I’ve recently started “The End of Poverty,” by Jeffrey Sachs (2005), and I’m about a third finished. I’m not too familiar with how the book is perceived today, 9 years later, or with much of Sachs’ current work. In a sense, that’s good, as I came at the book without a notion of what I “should” or “shouldn’t” think about it. I was thinking it’d been a while since I’d read anything about development and I had previously heard of Sachs. However, we’re 85 pages in, and I’m coming into some real frustration.
In the second chapter, Jeffrey Sachs explains how subsistence agricultural lifestyles were common – across the globe. He goes on to begin explaining the historical divergence that occurred between world economies. Where my friction starts. The following quote:
“Let me dispose of one idea right from the start. Many people assume that the rich have gotten richer because the poor have gotten poorer. In other words, they assume Europe and the United States used military force and political strength during and after the era of colonialism to extract wealth from the poorest regions, and thereby to grow rich. This interpretation of events would be plausible if gross world product had remained roughly constant, with a rising share going to the powerful regions and a declining share going to the poorer regions. However, this is not at all what happened. Gross world product rose nearly fifty-fold. Every region of the world experienced some economic growth (in terms of size of economies, and even when measured per person), but some regions experienced much more growth than others.”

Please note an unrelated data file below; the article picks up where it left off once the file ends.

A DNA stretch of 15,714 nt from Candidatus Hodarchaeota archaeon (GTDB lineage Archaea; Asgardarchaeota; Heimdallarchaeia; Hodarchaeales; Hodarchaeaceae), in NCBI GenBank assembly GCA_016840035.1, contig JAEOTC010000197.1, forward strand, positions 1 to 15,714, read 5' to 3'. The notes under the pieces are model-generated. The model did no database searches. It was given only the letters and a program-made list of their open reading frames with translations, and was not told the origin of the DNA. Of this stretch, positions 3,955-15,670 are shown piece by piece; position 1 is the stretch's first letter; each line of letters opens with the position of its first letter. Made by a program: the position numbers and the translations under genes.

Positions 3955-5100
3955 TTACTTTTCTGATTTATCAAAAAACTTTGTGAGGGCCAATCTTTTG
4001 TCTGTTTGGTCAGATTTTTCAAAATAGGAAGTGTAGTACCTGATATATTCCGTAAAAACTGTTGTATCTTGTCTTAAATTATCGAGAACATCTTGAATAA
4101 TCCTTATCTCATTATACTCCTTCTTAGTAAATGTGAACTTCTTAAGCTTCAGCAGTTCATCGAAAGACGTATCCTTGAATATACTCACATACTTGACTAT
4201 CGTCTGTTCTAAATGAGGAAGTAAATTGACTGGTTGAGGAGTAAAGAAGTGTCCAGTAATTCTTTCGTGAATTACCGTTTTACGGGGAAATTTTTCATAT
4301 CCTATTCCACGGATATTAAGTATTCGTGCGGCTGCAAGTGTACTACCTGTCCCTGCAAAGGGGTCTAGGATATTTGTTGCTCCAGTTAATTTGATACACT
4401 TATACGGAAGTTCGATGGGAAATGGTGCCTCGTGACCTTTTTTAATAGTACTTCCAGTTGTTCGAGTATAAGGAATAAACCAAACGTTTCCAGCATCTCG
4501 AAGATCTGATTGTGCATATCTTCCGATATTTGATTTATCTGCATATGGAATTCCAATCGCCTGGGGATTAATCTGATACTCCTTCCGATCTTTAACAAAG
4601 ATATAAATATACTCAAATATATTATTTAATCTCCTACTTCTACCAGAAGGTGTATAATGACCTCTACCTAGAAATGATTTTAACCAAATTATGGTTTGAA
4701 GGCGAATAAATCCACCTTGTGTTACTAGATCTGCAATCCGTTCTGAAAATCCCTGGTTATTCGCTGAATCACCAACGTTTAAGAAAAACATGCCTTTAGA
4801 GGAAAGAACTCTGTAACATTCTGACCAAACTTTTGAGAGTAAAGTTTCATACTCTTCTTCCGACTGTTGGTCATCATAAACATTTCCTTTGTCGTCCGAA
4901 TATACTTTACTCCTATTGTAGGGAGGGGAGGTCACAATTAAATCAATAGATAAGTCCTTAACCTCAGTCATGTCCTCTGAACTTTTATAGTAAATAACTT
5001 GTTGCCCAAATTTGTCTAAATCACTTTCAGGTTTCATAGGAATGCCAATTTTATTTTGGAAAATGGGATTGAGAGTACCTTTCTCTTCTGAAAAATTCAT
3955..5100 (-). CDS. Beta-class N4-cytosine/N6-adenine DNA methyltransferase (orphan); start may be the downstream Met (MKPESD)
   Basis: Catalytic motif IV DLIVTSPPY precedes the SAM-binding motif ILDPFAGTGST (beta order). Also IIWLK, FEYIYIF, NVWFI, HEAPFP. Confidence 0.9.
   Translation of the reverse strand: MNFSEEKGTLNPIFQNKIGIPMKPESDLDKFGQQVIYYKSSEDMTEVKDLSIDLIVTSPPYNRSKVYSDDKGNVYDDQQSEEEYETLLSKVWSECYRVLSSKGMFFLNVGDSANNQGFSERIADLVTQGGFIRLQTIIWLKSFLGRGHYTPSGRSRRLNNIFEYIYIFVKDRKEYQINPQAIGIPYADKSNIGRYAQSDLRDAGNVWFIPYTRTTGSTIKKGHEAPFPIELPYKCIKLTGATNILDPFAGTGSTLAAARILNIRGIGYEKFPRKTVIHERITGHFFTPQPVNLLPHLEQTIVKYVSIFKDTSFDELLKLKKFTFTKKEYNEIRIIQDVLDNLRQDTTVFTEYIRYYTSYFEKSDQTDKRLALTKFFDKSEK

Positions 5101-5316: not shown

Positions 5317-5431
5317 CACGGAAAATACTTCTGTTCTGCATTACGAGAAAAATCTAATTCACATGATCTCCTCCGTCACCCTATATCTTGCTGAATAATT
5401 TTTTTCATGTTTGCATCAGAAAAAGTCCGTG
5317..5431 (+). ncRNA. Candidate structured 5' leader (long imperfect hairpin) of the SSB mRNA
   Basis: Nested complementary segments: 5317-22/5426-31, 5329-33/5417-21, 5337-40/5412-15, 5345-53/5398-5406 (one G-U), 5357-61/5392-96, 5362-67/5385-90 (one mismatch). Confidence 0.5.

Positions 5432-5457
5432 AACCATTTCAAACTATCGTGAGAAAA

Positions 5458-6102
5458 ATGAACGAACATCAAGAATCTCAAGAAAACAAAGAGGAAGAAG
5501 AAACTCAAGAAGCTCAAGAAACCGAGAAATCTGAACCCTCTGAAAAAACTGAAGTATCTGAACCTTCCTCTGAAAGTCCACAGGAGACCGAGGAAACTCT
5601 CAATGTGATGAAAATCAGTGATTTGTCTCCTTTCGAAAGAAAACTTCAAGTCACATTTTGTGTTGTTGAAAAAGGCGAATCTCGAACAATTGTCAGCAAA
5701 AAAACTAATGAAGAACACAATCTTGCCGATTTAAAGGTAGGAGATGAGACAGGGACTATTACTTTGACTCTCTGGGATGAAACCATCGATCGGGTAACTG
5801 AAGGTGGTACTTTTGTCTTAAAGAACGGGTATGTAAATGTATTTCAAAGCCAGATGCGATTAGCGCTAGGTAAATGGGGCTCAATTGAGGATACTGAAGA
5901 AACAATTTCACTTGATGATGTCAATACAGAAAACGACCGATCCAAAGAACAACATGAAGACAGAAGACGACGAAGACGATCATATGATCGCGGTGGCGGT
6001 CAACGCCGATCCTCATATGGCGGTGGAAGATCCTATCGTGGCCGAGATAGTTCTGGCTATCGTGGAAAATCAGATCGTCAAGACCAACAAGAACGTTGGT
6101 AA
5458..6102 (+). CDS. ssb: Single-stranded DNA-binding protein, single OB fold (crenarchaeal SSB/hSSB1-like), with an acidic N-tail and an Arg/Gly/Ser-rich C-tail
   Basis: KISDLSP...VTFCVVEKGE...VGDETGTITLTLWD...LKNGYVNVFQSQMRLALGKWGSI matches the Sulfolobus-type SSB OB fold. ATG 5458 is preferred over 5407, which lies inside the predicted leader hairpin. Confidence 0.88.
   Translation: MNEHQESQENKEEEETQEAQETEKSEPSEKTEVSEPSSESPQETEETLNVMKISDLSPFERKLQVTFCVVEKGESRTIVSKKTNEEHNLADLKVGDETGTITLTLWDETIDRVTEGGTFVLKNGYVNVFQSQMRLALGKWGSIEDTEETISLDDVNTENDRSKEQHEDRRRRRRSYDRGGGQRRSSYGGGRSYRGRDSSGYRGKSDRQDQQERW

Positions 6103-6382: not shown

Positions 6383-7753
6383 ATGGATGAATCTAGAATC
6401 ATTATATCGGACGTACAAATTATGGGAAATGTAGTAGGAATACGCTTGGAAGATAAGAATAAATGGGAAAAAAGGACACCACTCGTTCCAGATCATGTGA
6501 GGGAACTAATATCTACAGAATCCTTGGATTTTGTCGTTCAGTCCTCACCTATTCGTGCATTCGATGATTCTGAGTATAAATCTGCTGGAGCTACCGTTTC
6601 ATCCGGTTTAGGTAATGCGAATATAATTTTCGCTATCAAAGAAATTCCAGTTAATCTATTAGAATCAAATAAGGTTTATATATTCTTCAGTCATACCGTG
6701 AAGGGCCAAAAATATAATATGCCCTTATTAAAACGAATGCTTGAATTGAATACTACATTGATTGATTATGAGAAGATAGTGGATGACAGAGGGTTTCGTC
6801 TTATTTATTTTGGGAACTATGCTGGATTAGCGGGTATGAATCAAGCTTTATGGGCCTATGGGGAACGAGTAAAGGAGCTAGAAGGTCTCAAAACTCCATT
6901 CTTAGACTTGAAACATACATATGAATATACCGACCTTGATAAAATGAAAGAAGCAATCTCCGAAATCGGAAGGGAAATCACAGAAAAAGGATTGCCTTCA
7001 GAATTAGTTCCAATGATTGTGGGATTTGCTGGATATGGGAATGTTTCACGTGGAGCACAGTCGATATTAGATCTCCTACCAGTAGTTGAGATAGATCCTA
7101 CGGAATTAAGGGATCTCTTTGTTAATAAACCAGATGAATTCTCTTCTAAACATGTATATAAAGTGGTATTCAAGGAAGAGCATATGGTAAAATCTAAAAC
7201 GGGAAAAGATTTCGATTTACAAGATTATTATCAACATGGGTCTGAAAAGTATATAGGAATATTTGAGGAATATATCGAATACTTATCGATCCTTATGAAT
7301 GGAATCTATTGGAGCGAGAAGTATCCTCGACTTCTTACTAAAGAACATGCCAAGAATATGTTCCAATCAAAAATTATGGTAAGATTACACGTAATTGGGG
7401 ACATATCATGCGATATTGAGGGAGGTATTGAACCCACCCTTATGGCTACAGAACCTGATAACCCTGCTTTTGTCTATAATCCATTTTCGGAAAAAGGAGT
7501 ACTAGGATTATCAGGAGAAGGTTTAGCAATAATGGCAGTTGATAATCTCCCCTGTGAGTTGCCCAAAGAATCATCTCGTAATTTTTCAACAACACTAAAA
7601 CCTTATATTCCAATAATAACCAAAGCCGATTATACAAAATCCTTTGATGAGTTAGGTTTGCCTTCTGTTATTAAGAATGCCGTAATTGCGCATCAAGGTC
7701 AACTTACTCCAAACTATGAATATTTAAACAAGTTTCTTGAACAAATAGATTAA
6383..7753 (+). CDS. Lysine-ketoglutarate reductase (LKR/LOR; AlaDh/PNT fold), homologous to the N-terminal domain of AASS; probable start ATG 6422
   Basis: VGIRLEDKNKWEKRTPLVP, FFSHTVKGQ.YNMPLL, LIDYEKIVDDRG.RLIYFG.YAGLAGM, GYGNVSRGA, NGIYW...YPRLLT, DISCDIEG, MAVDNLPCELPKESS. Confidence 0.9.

Read the bold text. Consider the following:
Five economies, each with a Gross National Product (GNP) of $100, for a total Gross World Product (GWP) of $500. Each year, Economy A takes $1 from the other economies. Year 1, Economy A has $104, the others have $99 each. Year 2, Economy A has $108, the others have $98 each. This is the straw-scenario Sachs is rightfully dismissing. Obviously, GWP has not been static.
Ok, so consider an ALTERNATIVE scenario: